As a writer coming of age both personally and professionally during the early years of the HIV crisis I remain curious about our relative amnesia or short attention spans for the hard-won lessons learned during a pivotal time in clinical science.
The most powerful patient advocacy in the world drove the positive outcomes and clinical successes most of us take for granted. The leading edge of the science existed at the front line--well before long-term outcomes in efficacy and safety were established. I don't want to ruin your morning but dear reader, "safety" is not even a scientific term.
Because of the "interesting" evolution of the Food And Drug Administration (FDA)--and you definitely should read up on how we landed where we are today--and how gaps persist where real science can occur (The Cure in The Code: How 20th Century Law is Undermining 21st Century Medicine)--we are forgetting, at our own detriment, how off-label prescribing, critical thinking, and physician/clinical scientist group-think led to Euresist. The development of an international computer-based clinical management of antiretroviral drug resistance informed providers about what to do if a patient's viral load--once suppressed--escalated. What therapy or cocktail has proven effective?
The evolution of EuResist provided a tool for physicians to make evidence-based decisions (even if evidence was still evolving at the clinical level) at the point of care outside the government process that had proven to cumbersome to respond to the scale of morbidity and mortality.
EuResist Network is a partnership of eighteen institutions in Europe and beyond, which promotes and coordinates joint research and dissemination efforts of its partners.
- the EuResist Integrated Data Base (EIDB), among the largest available databases of HIV genotypes and clinical response to antiretroviral therapy, with more than 66.000 patients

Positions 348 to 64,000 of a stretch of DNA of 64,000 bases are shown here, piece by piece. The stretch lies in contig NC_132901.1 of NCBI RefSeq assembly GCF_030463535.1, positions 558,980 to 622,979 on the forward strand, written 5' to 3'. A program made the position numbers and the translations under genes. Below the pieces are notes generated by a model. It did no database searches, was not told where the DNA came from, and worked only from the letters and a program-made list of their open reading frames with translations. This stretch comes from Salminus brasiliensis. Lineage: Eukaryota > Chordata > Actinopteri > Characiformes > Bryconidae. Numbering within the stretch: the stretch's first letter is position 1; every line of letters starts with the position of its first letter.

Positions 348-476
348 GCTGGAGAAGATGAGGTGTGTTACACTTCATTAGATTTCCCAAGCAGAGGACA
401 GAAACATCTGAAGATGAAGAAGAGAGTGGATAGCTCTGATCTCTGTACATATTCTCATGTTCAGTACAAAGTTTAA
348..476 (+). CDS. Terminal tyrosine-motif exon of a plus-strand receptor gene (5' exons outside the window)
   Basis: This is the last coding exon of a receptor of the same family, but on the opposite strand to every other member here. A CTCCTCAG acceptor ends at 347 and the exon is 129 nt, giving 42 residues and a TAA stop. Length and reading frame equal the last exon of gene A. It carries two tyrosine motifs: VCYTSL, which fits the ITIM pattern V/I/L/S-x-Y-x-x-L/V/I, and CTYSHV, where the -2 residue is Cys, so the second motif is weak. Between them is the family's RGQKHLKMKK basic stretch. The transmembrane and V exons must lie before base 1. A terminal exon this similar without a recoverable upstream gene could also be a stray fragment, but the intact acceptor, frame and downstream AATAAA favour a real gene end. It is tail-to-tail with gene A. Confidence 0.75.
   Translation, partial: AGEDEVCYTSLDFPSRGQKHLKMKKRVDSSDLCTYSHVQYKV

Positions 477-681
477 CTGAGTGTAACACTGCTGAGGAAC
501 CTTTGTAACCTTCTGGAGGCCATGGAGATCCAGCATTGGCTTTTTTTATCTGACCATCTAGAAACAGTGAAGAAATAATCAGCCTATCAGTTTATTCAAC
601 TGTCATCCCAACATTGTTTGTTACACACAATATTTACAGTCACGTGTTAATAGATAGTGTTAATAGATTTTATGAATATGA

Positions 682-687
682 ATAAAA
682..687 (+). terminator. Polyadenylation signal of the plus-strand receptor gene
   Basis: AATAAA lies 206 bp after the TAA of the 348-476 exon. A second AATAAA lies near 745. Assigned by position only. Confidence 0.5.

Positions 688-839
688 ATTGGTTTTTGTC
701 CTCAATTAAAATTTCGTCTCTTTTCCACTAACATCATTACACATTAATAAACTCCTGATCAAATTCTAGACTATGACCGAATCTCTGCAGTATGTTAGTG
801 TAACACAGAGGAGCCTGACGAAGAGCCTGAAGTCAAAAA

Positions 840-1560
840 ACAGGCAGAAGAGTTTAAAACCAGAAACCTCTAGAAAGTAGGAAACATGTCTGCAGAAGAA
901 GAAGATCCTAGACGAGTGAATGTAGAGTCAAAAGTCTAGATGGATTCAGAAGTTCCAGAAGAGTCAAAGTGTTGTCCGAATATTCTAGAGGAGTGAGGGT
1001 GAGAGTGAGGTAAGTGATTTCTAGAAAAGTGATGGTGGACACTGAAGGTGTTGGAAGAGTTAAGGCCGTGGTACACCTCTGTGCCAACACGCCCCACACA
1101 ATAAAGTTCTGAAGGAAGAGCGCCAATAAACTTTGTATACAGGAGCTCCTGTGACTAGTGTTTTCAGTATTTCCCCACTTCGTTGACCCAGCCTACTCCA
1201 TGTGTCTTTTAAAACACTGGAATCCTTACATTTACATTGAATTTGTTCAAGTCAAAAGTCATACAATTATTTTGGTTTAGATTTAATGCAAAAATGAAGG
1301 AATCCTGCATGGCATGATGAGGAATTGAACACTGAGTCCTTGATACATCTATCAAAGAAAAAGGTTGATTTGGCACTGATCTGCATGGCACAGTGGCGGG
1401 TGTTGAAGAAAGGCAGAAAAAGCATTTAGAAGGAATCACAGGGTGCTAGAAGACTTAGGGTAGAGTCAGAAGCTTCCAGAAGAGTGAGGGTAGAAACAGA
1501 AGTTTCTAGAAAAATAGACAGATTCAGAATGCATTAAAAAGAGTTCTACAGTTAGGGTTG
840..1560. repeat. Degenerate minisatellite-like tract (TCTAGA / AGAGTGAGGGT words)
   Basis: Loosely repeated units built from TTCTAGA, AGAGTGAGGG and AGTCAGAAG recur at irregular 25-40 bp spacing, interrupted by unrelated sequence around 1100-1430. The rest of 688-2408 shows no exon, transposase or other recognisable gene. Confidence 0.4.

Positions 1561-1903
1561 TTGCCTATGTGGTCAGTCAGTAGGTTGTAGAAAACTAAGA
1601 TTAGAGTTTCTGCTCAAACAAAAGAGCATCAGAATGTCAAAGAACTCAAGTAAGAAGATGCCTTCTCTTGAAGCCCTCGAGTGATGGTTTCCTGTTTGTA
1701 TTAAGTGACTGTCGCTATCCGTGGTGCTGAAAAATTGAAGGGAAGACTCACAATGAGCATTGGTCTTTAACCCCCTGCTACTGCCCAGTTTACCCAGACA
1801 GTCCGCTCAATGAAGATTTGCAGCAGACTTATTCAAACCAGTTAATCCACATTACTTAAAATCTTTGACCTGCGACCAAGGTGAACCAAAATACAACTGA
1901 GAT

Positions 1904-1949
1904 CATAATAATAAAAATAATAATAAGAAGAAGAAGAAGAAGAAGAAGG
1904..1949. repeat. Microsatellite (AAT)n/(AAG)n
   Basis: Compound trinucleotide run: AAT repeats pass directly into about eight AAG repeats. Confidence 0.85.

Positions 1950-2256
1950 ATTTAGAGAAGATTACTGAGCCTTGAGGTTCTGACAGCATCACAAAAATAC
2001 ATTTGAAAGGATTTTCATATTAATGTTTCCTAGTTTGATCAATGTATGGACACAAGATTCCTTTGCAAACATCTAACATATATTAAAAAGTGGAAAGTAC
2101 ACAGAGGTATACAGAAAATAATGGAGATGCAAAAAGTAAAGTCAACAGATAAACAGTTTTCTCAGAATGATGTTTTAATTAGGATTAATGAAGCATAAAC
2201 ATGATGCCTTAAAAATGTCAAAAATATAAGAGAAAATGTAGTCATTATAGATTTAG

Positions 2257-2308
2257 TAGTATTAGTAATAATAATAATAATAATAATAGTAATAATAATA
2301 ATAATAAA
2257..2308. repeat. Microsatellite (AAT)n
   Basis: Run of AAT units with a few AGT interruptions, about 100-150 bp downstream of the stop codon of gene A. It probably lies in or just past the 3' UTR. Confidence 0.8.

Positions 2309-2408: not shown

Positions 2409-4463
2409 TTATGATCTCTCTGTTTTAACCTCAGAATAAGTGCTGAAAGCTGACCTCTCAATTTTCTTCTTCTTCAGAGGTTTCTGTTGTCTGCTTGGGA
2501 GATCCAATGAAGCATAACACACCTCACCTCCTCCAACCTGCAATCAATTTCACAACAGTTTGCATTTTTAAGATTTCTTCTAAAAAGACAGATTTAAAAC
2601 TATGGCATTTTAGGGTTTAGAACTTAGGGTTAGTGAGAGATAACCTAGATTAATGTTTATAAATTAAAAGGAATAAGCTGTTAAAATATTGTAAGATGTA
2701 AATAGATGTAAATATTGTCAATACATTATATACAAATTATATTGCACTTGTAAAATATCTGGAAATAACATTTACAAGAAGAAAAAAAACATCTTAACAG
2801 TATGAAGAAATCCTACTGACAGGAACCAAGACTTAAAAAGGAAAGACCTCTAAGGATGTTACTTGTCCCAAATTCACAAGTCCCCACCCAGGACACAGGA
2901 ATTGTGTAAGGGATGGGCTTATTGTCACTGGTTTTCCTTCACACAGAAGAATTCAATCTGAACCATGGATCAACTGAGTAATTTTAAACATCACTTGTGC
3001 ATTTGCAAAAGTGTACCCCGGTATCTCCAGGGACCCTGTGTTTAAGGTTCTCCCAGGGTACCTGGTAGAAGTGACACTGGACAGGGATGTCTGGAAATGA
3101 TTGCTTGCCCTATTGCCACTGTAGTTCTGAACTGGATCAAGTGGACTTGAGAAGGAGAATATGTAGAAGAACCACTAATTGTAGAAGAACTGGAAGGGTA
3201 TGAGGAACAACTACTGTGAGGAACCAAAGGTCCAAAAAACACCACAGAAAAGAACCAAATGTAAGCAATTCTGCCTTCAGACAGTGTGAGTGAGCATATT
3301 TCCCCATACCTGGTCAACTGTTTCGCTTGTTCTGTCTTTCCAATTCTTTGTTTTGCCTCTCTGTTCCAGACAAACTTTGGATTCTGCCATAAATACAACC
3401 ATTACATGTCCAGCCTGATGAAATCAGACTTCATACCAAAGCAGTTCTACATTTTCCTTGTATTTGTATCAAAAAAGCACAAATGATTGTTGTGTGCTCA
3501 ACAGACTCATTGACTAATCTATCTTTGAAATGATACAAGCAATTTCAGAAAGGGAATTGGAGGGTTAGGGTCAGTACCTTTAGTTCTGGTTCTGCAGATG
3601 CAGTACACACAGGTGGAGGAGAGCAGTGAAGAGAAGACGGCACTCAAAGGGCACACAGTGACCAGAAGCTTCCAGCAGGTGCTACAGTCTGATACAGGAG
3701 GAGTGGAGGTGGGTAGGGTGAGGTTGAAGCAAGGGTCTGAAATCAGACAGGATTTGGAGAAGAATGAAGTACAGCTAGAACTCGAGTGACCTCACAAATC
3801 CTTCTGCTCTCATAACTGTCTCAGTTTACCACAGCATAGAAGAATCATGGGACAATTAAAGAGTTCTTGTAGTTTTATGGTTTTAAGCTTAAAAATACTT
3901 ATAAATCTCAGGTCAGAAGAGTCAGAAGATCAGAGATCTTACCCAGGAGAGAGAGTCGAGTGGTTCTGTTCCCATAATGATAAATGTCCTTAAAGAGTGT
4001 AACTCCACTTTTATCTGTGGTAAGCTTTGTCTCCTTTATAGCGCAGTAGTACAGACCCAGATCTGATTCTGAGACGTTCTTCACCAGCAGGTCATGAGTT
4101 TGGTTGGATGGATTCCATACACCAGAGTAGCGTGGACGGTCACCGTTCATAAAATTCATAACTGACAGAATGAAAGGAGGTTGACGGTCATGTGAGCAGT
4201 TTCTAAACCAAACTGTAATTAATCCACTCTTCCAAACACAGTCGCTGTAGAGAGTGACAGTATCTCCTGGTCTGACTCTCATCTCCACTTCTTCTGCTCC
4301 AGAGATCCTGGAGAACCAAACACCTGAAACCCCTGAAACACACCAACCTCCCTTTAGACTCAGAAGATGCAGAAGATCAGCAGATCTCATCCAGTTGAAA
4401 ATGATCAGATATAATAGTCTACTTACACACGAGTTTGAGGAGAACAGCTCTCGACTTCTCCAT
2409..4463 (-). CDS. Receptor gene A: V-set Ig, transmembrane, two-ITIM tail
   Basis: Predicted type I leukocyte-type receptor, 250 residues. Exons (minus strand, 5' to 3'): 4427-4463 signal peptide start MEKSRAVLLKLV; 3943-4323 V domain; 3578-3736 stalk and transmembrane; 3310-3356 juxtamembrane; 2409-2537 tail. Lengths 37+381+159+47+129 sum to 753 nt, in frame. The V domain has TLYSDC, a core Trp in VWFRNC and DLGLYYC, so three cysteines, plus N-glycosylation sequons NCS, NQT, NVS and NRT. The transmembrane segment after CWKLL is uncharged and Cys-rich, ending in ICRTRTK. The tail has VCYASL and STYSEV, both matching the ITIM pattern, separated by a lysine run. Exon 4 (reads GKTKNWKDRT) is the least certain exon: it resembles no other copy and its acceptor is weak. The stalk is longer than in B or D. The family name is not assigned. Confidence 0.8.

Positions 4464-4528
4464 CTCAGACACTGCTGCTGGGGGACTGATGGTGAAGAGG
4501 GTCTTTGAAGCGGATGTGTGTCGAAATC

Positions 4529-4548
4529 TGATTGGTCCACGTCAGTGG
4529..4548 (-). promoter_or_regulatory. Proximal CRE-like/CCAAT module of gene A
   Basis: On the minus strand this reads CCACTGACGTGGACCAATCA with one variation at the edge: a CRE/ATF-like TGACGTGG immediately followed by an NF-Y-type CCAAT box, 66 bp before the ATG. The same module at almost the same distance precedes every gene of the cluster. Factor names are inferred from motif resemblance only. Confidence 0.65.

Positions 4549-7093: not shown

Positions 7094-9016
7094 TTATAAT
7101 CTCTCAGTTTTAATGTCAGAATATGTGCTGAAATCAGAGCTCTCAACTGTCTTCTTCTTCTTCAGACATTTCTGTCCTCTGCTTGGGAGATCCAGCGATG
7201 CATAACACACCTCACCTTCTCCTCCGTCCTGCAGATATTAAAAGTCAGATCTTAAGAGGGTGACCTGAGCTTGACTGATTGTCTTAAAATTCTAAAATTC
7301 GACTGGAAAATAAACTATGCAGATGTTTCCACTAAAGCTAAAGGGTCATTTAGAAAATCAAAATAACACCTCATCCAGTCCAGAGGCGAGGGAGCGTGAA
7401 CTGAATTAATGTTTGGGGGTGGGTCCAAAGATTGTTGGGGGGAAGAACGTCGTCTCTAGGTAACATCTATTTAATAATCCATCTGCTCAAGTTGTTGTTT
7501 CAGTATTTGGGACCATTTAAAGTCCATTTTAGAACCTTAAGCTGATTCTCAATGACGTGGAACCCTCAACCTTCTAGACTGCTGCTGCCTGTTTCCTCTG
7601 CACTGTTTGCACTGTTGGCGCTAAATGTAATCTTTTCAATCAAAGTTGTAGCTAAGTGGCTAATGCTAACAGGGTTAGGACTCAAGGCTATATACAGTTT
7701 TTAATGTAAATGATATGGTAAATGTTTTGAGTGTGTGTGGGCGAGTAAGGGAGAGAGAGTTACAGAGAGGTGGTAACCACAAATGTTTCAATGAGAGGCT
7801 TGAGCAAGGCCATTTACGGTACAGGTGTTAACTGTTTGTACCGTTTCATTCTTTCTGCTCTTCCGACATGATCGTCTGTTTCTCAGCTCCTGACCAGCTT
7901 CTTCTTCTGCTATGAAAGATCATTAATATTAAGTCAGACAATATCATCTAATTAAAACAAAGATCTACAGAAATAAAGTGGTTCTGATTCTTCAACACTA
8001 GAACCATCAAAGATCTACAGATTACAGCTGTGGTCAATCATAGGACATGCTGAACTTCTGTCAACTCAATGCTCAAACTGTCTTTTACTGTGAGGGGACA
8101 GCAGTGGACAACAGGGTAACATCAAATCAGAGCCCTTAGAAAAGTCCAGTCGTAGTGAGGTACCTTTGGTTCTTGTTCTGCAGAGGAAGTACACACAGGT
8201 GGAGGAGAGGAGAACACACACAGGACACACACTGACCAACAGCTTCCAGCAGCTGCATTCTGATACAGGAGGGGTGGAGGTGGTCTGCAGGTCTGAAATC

- the EuResist treatment response prediction engine. The EuResist prediction engine is a data-driven system which predicts the response to combination drug therapy for a patient with a given viral genotype. The engine has an overall accuracy of around 77% which compares favourably with existing rules-based state-of-the-art systems such as HIVdb, ANRS, REGA.
- the EuResist Satellite DB (EsaDB), a tool for management of HIV patients data running locally on a PC. ESaDB is provided for free
I am not tossing babies out with volumes of bathwater--but seriously--where is the framework for a free open-sourced group think? I know there are pockets of sharing. I have written about them here. The model of for-profit data outpaces the network open-source solutions. Huge databases are amassed with partnerships boasting genetic libraries, claims data, clinical trial data and real world data--for a fee. A whopping fee with no promise of relevance or operational insights.
What is the solution? Provide context and conceptual understanding so healthcare providers can group-think knowing they have actionable data. An ever increasing number of immune-oncology (I/O) therapies are being granted break-through designations. I am excited to hear the latest data from larotrectinib, a novel selective TRK tyrosine kinase inhibitor (TKI). The high response rate is intriguing.
What do findings mean? Real world data is generated one patient at a time. It is up to us to assess real world evidence and share the narrative. It will be the providers at the point of care evaluating tumor genetics, micro-environments, mutational attributes of exomes, neoantigens, cell-cell signals of kinase pathways, and more as 'n of 1' findings outnumber epidemiological population estimations.
Despite durable responses to TRK kinase-directed therapy in patients with NTRK-rearranged
tumors, it is expected that acquired resistance to therapy will ultimately emerge in most patients.
Consistent with this expectation, previous reports have described the acquisition of secondary
mutations in the TRK kinase domain after treatment with entrectinib, a multi-kinase inhibitor with
activity against TRK, in two patients. Specifically, TRKA G595R and G667C substitutions were
identified in independent resistant clones from a patient with LMNA-NTRK1 fusion-positive
colorectal cancer; and a TRKC G623R substitution (homologous to TRKA G595R) was
identified in a patient with ETV6-NTRK3 fusion-positive mammary analogue secretory
carcinoma.--A Next-Generation TRK Kinase Inhibitor Overcomes Acquired Resistance to Prior TRK Kinase Inhibition in Patients with TRK Fusion-Positive Solid Tumors
Stay-tuned for findings from the LOXO webcast scheduled June 4th...